I wrote the following in September 2002.  I was new in post as Second in English at Darwen Moorland High School (which closed in August of 2008).  I was a participant in a project that was coordinated by the Excellence in Cities initiative.  The writing was an attempt to reflect on learning, teaching, and progress in a school that, twelve months later, would be placed into Special Measures by Ofsted. 

“Yeah, it works. The plug’s a bit funny though. You might need to push it into the socket really hard.”

And with that my colleague leaves, heel-clicking his way down the ‘O Block’ corridor while happily singing a line from ‘Home On The Range’.

I look up hoping to see twenty nine faces.  Instead what meets me is an assortment of youngsters, most of whom are looking anywhere but at the front of the room; all I can see are the sides of their heads.  They look like they would rather be anywhere else but in my GCSE English class.  They aren’t misbehaving…yet.  They do look decidedly disinterested in what I am about to impart. Some chew gum; some attempt an impromptu experiment to test the strength of chair legs; some look timid, shy, embarrassed to be here; and others look like most teenagers I’ve worked with previously: a bewildering mixture of confidence, timidity, nervousness, arrogance, wit, and intelligence.

I push the plug in to the socket as hard as I can.

The TV screen is tiny. It is one of those TV/VHS combos and it represents the extent of the technology that I have to work with; oh, I also have a black marker pen.  Other than that it is going to be relationships, relationships and relationships that will get me to a position where I can teach well enough for the students to complete the five pieces of missing coursework.  At least I think that it is five.  No-one really seems to know exactly what they have completed.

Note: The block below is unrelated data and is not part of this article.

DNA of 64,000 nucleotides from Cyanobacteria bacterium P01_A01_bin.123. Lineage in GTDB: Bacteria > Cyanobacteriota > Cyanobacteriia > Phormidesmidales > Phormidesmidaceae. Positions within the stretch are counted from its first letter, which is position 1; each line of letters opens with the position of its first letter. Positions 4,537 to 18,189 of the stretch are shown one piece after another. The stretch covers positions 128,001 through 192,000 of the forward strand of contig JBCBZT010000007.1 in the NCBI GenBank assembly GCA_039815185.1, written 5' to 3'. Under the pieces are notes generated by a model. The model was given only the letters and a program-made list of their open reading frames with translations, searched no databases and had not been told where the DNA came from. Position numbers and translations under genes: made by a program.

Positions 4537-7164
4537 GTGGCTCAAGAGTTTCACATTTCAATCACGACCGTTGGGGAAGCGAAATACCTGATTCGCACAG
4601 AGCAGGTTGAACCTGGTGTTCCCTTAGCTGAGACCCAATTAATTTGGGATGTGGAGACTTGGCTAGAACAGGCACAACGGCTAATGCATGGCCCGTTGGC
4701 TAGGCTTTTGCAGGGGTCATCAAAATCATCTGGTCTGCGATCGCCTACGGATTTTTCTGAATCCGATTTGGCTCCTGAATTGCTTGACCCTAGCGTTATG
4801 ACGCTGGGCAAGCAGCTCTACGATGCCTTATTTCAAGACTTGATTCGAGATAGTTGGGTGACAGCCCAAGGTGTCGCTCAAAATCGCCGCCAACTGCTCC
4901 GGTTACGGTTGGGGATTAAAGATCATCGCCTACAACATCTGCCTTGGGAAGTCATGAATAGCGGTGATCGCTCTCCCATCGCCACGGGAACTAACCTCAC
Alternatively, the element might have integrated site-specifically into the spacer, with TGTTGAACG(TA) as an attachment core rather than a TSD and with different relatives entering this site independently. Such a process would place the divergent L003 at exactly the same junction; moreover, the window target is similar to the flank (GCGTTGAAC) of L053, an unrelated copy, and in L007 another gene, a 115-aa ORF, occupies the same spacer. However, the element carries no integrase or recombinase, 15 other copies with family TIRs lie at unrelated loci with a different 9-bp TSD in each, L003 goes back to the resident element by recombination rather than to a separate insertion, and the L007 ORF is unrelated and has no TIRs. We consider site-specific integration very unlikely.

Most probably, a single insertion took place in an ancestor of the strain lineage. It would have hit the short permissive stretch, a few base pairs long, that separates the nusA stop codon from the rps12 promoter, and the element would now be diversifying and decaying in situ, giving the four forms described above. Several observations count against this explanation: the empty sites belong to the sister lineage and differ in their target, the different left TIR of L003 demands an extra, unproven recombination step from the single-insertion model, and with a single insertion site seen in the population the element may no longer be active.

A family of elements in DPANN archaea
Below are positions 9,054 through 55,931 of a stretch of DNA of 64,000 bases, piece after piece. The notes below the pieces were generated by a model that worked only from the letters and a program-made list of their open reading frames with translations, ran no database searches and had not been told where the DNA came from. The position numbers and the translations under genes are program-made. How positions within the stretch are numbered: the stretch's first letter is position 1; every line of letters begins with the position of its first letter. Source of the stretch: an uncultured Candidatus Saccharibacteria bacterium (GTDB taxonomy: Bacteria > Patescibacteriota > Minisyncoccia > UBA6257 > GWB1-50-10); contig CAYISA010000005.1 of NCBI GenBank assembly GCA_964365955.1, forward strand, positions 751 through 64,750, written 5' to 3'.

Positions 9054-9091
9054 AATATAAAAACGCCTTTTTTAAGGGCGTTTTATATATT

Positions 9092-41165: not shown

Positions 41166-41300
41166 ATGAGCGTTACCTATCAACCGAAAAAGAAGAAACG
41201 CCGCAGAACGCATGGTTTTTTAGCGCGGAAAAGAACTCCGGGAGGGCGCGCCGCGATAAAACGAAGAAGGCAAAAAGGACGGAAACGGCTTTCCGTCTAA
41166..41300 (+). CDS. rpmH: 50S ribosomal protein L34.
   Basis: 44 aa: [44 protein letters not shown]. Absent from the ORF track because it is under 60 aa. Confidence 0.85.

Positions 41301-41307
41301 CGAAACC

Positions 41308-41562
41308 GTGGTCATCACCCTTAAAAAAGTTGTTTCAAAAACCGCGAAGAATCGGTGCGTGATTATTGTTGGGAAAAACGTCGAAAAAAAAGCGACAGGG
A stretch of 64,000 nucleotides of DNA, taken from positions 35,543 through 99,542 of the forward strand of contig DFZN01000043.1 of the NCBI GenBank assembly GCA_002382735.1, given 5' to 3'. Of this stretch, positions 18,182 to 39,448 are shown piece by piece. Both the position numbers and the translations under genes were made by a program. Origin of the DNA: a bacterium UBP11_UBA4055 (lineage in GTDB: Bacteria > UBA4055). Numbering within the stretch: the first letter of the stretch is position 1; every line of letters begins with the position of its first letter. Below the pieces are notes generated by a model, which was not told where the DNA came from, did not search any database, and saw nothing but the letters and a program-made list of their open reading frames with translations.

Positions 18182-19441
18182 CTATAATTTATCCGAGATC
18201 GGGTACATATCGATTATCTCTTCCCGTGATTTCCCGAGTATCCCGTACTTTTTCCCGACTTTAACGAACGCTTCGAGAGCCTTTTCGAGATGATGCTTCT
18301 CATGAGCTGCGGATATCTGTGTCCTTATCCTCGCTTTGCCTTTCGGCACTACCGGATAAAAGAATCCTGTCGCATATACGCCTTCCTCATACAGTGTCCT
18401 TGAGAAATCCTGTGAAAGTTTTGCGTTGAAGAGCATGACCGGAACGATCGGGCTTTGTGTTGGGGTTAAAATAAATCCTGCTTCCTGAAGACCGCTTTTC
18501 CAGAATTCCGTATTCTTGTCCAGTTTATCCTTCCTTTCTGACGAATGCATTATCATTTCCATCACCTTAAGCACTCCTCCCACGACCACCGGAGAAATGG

I’ve devised a piece of media coursework that compares two film texts.  More specifically it aims to compare the  CGI violence in some scenes from Gladiator with the slapstick violence in There’s Something About Mary.  I think that the choice of material, alongside the focus for the assessment, will generate some interest, and by using that as a starting point I can build some momentum with a group that the Headteacher describes as ‘challenging’.  It’s little wonder.  They have had a succession of supply teachers throughout Year Ten, including one who liked to play guitar to them.  What they haven’t had is the structured opportunity to complete any of their coursework.  Now, with their final year underway, they know that they are behind.

I press play.

Someone shouts, “It’s crap, this.”

I press pause.

Problem.  The comment is loud and aimed in my direction.  I have no idea who said it though.  It is to be my first test.  But, before I can do anything about it it happens again, only this time it is accompanied by laughter.

“It’s crap, this.”

Now I’ve only been teaching for two years.  I don’t have the experience to defuse this situation with a group that I don’t know.  I do however have my marker pen. So I decide to write it out on the whiteboard.  Large, thick letters.


Not a sound; no-one laughs when I repeat it clearly.  I can sense the room shift slightly.  Chairs are being lowered.  Voices are hushed.  I have their attention.  It can be uncomfortable when 29 pairs of eyes stare in your direction; for a teacher it is a gift.  I take full advantage.